DEA must be notified directly. This requirement is not satisfied by reporting the theft or significant loss in any other manner. For example, a corporation which owns or operates multiple registered sites and wishes to channel all notifications through corporate management or any other internal department responsible for security, must stil provide notice directly to DEA in writing within one business day upon discovery and keep a copy of that notice for its records. The notice must be signed by an authorized individual of the registrant.

B. Complete DEA Form 106

A pharmacy must also complete a DEA Form 106 (Report of Theft or Loss of Controlled Substances) which can be found online at www.DEAdiversion.usdoj.gov under the Quick Links section. The DEA Form 106 is used to document the actual circumstances of the theft or significant loss and the quantities of controlled substances involved. A paper version of the form can be obtained by writing to:

Drug Enforcement Administration

Attn: Registration Section/ODR

8701 Morrissette Drive

Springfield, Virginia 22152

If completing the paper version, the pharmacy should send the original DEA Form 106 to the local DEA Diversion Field Office (Appendix K) and keep a copy for its records. Please see the Guidelines for Completing the DEA Form 106 (Appendix I) for additional guidance.

The DEA Form 106 must include the following information:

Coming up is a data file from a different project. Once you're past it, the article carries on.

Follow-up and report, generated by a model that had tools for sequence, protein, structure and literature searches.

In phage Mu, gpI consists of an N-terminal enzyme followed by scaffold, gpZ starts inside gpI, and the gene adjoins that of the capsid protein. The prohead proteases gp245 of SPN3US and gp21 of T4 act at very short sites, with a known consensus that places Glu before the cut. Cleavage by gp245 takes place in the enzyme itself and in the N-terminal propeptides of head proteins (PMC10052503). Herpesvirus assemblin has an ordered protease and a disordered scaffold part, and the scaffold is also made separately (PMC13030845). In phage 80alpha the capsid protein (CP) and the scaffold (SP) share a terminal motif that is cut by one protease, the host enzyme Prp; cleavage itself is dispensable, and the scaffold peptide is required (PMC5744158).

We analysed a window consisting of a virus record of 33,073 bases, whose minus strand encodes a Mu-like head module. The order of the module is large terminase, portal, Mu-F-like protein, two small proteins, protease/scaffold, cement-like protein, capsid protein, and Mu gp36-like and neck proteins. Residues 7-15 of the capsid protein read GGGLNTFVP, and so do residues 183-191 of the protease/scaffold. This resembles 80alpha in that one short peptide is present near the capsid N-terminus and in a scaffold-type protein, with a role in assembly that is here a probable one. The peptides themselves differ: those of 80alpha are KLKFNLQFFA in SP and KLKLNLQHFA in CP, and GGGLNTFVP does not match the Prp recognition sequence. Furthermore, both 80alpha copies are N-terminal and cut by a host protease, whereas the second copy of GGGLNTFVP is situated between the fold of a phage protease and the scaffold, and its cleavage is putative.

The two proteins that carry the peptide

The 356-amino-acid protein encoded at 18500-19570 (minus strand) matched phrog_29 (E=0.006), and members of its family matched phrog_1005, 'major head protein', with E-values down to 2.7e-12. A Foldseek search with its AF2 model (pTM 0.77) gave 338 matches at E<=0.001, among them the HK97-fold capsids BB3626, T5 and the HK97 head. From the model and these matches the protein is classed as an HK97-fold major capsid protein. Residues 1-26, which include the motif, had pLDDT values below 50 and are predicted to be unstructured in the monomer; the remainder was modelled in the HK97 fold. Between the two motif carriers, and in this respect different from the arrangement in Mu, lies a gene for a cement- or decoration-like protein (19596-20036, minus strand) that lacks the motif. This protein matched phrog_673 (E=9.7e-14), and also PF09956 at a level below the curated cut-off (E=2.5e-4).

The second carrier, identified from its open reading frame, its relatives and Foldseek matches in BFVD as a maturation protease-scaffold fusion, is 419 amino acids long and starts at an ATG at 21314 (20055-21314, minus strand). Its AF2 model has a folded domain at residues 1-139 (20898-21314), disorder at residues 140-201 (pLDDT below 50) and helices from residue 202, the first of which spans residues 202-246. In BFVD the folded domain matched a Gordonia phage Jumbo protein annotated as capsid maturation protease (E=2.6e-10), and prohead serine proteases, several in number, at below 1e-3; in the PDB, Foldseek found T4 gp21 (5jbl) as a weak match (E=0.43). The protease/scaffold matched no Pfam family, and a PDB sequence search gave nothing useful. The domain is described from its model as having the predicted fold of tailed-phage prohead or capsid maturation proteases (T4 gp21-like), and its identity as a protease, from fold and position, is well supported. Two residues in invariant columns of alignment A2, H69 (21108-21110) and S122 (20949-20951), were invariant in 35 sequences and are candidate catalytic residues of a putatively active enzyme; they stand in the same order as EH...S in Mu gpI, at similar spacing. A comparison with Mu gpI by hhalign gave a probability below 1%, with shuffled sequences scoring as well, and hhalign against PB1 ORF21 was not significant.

1. Name and address of the firm (pharmacy),

2. DEA registration number,

3. Date of theft or loss (or when discovered if not known),

4. Name and telephone number of local police department (if notified),

5. Type of theft (e.g., night break-in, armed robbery),

6. List of identifying marks, symbols, or price codes (if any) used by the pharmacy on the labels of the containers, and

7. A listing of controlled substances missing, including the strength, dosage form, and size of container (in milliliters if liquid form) or corresponding National Drug Code numbers.

C. If Investigation Finds No Theft or Loss

If, after the initial notification to DEA, the investigation of the theft or loss determines no such theft or loss of controlled substances occurred, a DEA Form 106 does not need to be filed. However, the registrant must notify DEA in writing of this fact in order to resolve the initial report and explain why no DEA Form 106 was filed regarding the incident.

D. Registrant’s Responsibility for Identifying “Significant Loss”

Although the CSA regulations do not define the term “significant loss,” it is the responsibility of the registrant to use his/her best judgment to take appropriate action. Whether a “significant loss” has occurred depends, in large part, on the business of the pharmacy and the likelihood of a rational explanation for a particular occurrence. What would constitute a significant loss for a pharmacy may be viewed as comparatively insignificant for a hospital or manufacturer.

Further, the loss of a small quantity of controlled substances, repeated over a period of time, may indicate a significant problem for a registrant, which must be reported. The burden of responsibility is on the registrant to identify what is a significant loss and make the required report to DEA.